For the half-year to 31 December 2014, the IPKat's regular team is supplemented by contributions from guest bloggers Rebecca Gulbul, Lucas Michels and Marie-Andrée Weiss.

Regular round-ups of the previous week's blogposts are kindly compiled by Alberto Bellan.

Thursday, 19 July 2007

A head of steam, a breath of fresh air

The IPKat received this last night from David Mack of US law firm Chlopak, Leonard, Schechter and Associates, on behalf of the Coalition for Patent Fairness. It's a note headed "Patent Reform Legislation Approved by Full House Judiciary Committee" and it records the fact that the current drive for US patent law reform seems to have got up a good head of steam and is now driving forward. It reads, in relevant part, like this (with a few IPKomments thrown in):

"... Legislation that would represent the most fundamental patent reform in decades today was unanimously approved by the US House Judiciary Committee. The bill would foster greater innovation by American companies and enhance US competitiveness [the IPKat says, the bill appears to apply to non-US parties as well, presumably enhancing their innovation and competitiveness too]. It now heads to the floor of the US House of Representatives for a vote.

"Today's successful mark-up demonstrates Congress’ seriousness in dealing with the overwhelming need for balanced and comprehensive reform," said Jonathan Yarowsky, counsel to the Coalition for Patent Fairness. "Chairman Conyers, Ranking Member Smith and Representative Berman have clearly demonstrated that they are leaders on patent reform. We look forward to working with all members for swift passage on the House floor.” [the IPKat says, nice work, lads - but once you've finished with patents there are still plenty more IP problems to legislate for. Let's try geographical indications again, shall we?]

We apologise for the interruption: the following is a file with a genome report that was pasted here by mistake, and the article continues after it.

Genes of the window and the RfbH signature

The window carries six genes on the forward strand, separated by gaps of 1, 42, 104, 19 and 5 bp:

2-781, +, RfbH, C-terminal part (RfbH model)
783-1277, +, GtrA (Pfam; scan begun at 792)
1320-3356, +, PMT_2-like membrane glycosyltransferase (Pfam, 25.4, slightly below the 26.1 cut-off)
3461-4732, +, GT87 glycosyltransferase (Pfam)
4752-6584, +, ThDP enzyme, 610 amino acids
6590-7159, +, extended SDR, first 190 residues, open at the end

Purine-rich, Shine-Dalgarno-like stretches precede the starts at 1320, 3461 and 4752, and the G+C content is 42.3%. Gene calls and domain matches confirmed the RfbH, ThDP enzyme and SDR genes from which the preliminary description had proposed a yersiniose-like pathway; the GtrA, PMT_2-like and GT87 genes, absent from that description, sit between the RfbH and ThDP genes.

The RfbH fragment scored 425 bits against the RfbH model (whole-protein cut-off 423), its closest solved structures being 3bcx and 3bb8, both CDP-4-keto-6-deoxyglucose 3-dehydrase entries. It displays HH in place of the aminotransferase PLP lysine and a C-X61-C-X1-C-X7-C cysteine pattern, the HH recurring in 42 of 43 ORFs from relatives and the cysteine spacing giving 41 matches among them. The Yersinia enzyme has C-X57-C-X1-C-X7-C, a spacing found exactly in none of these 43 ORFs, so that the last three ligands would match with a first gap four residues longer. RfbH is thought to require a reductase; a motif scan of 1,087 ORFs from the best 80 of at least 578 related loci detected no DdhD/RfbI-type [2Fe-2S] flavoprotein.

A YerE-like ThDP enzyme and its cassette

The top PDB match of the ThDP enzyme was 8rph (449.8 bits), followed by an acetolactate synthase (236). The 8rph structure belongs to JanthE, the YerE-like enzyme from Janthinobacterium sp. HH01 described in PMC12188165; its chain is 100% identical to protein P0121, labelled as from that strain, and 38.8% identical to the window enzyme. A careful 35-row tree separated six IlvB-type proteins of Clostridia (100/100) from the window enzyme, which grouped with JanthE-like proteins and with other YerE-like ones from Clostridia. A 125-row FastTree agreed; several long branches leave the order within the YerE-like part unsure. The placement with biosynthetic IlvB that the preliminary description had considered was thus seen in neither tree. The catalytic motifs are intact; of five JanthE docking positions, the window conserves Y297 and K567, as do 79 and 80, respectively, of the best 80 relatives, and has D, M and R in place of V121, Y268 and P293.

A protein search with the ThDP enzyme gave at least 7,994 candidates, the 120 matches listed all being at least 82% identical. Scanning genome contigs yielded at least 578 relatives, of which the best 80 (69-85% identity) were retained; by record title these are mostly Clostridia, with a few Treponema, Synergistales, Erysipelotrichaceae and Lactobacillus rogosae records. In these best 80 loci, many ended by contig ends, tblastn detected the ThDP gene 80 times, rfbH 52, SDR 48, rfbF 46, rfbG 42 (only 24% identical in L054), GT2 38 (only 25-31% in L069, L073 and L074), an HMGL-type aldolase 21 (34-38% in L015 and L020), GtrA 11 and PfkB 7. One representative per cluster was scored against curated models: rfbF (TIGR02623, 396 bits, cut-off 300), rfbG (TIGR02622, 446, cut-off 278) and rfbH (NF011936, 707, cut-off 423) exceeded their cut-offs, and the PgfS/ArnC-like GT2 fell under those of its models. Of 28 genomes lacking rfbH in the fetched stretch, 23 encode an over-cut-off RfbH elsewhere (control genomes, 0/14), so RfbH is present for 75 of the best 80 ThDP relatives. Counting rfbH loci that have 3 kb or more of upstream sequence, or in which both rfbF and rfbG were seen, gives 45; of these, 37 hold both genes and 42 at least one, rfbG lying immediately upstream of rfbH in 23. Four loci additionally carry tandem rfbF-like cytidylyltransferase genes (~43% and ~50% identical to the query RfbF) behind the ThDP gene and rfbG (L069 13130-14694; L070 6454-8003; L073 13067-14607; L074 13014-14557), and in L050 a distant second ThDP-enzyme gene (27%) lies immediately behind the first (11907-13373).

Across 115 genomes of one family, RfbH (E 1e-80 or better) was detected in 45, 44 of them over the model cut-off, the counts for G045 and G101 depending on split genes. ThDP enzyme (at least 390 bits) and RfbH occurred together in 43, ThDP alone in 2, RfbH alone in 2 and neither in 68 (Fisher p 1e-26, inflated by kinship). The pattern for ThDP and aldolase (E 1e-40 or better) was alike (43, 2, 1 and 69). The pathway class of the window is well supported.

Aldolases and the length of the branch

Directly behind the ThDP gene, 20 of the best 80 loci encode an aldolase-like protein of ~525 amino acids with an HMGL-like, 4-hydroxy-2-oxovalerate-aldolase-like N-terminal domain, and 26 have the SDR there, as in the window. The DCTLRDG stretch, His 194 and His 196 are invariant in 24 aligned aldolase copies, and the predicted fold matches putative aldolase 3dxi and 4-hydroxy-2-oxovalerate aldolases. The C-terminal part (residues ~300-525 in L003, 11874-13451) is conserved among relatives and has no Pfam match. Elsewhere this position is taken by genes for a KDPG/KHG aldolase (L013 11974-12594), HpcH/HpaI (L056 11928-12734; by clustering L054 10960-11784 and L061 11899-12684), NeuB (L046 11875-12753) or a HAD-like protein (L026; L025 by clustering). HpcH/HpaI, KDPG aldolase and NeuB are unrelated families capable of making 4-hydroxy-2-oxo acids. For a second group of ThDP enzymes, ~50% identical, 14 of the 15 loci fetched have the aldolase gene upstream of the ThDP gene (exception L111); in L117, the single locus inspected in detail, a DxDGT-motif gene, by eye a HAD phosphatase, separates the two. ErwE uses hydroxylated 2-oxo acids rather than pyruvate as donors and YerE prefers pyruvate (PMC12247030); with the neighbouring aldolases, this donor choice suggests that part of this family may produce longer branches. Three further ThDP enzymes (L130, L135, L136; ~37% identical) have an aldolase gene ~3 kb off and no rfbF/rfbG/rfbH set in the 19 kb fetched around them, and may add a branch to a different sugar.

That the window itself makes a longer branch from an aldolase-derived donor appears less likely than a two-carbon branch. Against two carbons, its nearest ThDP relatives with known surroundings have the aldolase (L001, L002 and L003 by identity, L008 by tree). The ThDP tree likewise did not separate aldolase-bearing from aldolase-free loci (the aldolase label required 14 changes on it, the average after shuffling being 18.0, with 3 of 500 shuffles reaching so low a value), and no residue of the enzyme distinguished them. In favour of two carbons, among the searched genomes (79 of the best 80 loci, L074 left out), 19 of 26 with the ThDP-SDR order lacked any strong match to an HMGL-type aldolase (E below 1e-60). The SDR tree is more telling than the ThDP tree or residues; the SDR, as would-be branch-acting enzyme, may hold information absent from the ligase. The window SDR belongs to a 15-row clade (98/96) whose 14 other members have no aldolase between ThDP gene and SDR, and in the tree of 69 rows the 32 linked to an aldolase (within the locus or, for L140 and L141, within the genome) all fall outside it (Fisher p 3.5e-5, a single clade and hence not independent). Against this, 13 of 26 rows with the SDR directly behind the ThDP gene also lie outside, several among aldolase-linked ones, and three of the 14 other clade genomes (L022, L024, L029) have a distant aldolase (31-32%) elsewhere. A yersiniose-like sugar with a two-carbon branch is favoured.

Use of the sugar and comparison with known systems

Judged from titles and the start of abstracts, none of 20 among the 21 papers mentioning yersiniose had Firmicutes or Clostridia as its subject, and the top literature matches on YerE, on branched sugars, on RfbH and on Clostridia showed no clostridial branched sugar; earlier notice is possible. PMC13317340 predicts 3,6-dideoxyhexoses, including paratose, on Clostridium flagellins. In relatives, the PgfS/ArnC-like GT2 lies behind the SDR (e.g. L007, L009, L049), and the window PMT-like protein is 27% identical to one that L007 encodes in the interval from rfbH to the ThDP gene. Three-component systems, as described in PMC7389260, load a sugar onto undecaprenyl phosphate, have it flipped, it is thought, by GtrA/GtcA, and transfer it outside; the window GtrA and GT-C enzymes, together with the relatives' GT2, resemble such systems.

...

A broad and diverse cross-section of US businesses, leading legal scholars, economists and policymakers has recognized the need for patent reform [the IPKat adds, what about all us foreigners? We've been advocating US patent reform for years - if only to make the US law more recognisably like that of most other countries]. Leading legal scholars and economists have spoken out about how urgent the need is for patent reform and opinion-leading publications, including The Wall Street Journal, The New York Times and The Washington Post, have editorialized in support of passing patent reform legislation without delay.

Moreover, the US Supreme Court recently has found it necessary to review an unusual number of patent-related cases in order to correct – often with unanimous rulings – imbalances in the judicial interpretation of core principles of patent law and procedure [the IPKat says, how lucky the Americans are that this level of judicial adjustment is seen as a need for reform rather than as an excuse for avoiding it]. However, only Congress can implement the comprehensive reform needed to restore balance in a number of areas of the patent system. The Patent Reform Act of 2007 will do just that".

Right: US patent for an economical device and method for ensuring a life-saving supply of fresh air to a person entrapped in a burning hotel room or the like, when the person is subjected to toxic smoke inhalation

For those who like a little more detail and a bit less of the congratulatory stuff, Duncan Bucknell's IP Thinktank blog has a neat summary and gives further links.

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